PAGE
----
May 8, 2016
    3,033
    750
    western Australia
    As your bike is a 2021 it may have Speedo Sensor on the final drive shaft in the gearbox, if so any sprocket changes Will require an electronic adjustment in the bike's ECU to keep the Speedo within the acceptable 10% error margins...
     
    • Like Like x 1
  14. Tom Swift

    Tom Swift Active Member

    Sep 24, 2021
    110
    33
    USA
    I would expect the wheel speed sensors to be used for the speedometer if it has ABS.

    IMHO, a 10% error is not acceptable these days. At 55mph, the speedometer would display anywhere between roughly 50 and 60. That would've been expected back in the days of mechanical speedometer gearbox drives.

    Haven't checked the accuracy of my Street Cup but my non-ABS Yamaha reads off the drive pulley and it displays 1 mph higher than actual speed at all speeds. No percentage errors so no difficult calculations or guesstimates required to know the exact speed. I know that's not always the case with newer bikes.
     
  15. brown mouse

    brown mouse First Class Member

    Sep 15, 2018
    2,238
    643
    East Midlands, UK
    I believe the allowable 10% error is skewed to over reading only so you are never going faster than it shows. (Makes sense if the idea is to stop people speeding).

    My car shows a speed consistently 10% over actual speed going by my satnav and roadside speed displays. My Triumph bike shows a speed that correct to within 1MPH usually, though can get a couple MPH over, I assume as tyres wear.
     
  16. Eldon

    Eldon Elite Member

    Nov 14, 2018
    2,430
    800
    North Yorkshire
    #16 Eldon, Dec 11, 2022
    Last edited: Dec 11, 2022
    Your post rekindled a memory from my past.

    Many years ago I was lucky to get a one on one walk around Mintex, as in the brake people. This was back in the 1980's and as a skint apprentice with an 1100 Escort I was in awe at the tooling, vehicles and facilities they had.
    One garage had their test mule vehicles in which included a Sierra XR4i, anyone remember those?
    This mint cars dashboard had been totally trashed with holes and wires all over. Readouts were fastened here and there telling you everything from pedal pressure to temperatures of the rotors (discs) etc.

    Anyone remember Tapley meters?
    Excellent piece of equipment in their day and probably still used in certain circles today i.e. permanent 4 wheel drive brake test with only a single axle mot unit available.

    One anomaly that stuck in my mind @brown mouse was the sticker near the speedo with actual speeds on it i.e. 70 = 73 etc. as the speedo UNDER READ all the values : unamused: how very strange and I'm not aware of any such discrepancy on a production vehicle since although my self built LR 90 project did have a 32 mph under reading when first built :joy::joy:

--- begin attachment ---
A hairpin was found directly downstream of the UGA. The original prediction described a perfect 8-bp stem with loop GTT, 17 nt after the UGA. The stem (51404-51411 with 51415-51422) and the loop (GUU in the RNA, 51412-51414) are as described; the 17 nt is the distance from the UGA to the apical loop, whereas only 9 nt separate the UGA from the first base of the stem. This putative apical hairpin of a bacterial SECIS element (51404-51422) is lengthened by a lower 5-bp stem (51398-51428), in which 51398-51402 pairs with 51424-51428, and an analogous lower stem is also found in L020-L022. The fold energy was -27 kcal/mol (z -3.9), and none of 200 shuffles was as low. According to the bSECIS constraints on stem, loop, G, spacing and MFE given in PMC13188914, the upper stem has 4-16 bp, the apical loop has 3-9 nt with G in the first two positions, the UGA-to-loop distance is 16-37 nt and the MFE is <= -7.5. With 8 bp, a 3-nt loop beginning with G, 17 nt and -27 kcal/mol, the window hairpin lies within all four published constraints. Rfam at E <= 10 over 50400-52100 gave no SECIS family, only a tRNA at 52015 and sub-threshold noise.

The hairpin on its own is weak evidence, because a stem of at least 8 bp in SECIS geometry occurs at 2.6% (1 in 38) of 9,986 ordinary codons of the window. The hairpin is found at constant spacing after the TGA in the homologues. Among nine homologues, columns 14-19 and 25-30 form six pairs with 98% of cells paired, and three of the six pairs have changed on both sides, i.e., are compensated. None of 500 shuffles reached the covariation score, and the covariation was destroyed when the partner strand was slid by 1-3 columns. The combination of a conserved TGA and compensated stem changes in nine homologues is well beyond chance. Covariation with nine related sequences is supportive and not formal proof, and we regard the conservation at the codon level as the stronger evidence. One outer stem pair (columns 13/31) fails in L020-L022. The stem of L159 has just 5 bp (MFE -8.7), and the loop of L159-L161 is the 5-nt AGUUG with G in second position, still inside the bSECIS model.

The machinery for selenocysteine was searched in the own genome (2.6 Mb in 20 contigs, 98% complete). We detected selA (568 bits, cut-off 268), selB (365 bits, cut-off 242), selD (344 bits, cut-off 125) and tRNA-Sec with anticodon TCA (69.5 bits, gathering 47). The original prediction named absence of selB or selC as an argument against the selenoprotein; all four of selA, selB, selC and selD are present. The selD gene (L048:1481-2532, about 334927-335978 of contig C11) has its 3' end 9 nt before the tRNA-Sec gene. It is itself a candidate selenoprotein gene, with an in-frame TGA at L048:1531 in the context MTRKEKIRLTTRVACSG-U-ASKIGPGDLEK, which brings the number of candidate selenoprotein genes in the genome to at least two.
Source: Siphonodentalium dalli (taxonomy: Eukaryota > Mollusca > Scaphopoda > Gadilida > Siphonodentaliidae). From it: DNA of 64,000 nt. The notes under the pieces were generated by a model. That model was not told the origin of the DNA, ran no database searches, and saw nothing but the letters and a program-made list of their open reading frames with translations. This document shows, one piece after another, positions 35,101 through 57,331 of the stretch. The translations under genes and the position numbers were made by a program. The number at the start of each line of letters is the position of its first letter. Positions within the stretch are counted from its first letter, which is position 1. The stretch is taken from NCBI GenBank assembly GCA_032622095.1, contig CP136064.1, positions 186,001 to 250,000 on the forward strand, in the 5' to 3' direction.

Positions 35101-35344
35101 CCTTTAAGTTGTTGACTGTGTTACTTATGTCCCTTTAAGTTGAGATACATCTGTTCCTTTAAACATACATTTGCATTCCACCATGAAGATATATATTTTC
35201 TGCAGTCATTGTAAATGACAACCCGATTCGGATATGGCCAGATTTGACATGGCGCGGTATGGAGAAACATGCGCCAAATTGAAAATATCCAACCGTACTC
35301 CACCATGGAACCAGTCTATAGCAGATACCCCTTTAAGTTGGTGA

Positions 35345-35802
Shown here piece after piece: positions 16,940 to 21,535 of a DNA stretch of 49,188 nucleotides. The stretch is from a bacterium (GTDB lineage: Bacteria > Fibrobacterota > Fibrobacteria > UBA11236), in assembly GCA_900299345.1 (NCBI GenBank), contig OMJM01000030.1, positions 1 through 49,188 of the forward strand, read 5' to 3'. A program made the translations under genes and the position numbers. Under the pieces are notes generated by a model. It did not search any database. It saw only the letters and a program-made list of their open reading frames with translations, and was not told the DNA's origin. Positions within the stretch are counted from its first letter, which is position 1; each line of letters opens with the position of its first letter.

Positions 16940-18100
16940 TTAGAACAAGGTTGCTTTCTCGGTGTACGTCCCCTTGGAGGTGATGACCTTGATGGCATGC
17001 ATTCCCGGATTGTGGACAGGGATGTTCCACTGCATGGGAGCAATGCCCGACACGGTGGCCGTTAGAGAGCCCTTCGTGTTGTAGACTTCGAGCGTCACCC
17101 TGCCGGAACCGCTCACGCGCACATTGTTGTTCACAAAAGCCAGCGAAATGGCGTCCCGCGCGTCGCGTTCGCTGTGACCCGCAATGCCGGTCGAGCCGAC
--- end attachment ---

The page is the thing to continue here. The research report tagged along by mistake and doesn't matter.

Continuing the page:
Questions like "Best gear ratio" always make me smile as the obvious answer is "for what?"

    No such thing as a free lunch etc and the choice is focussed for a purpose or best, in your mind, compromise.
     
  17. nnervous

    nnervous New Member

    Sep 2, 2022
    0
    1
    Central NY
  18. capt

    capt Elite Member

    May 8, 2016
    3,033
    750
    western Australia
    ABS sensor is for brakes ! And only brakes!
    There is either a gear driven Speedo or a possible wheel electronic option (none ABS) or the final drive out of the gearbox has an electronic option ..... :);)
     
  19. brown mouse

    brown mouse First Class Member

    Sep 15, 2018
    2,238
    643
    East Midlands, UK
    #19 brown mouse, Dec 12, 2022
    Last edited: Dec 12, 2022
    Not in the circuit diagram for my 1200 Twin. However, the ECU could synthesis the gearbox output speed by using the gear selection and crank position sensors. Though this wouldn't work if you pulled in clutch and freewheeled.

    The wheel speed sensors connect to the ABS unit, so the only way they could been used for the speedo is if the ABS was putting the wheel speed onto the CAN bus or something like that. The ABS does have a two wire connection to ECU. (Edit, looking again, that'll be the CAN bus as the same two wires also go to immobiliser, instrument panel, and OBD2 connector)

    The method used for my speedo could be determined by:

    A. Whilst riding, pull in clutch and freewheel whilst engine idles, and see if speedo still reads OK. If it does, must be using ABS wheel speed sensor.

    B. Unbolt both Hall sensors for ABS wheel speed ring, and tape them out the way. Assuming bike will still run, go for a ride and if speedo works, it must be using the gear and crank position sensors.

    If speedo works in both cases A and B, then ECU is using both methods for determining road speed. Either one as a fallback for other, or some kind of algorithm for combining them.

    Weather isn't getting above freezing for at least a week, so won't be tempted to do this experiment for while ;) (Though I can't help thinking it'd be a bit perverse if the wheel speed sensors weren't been used to calculate road speed).
     
  20. Tom Swift

    Tom Swift Active Member

    Sep 24, 2021
    110
    33
    USA
    Many bikes will lose the speedometer function if you remove the ABS. It's just one of them that they read of off.
     
Loading...

Share This Page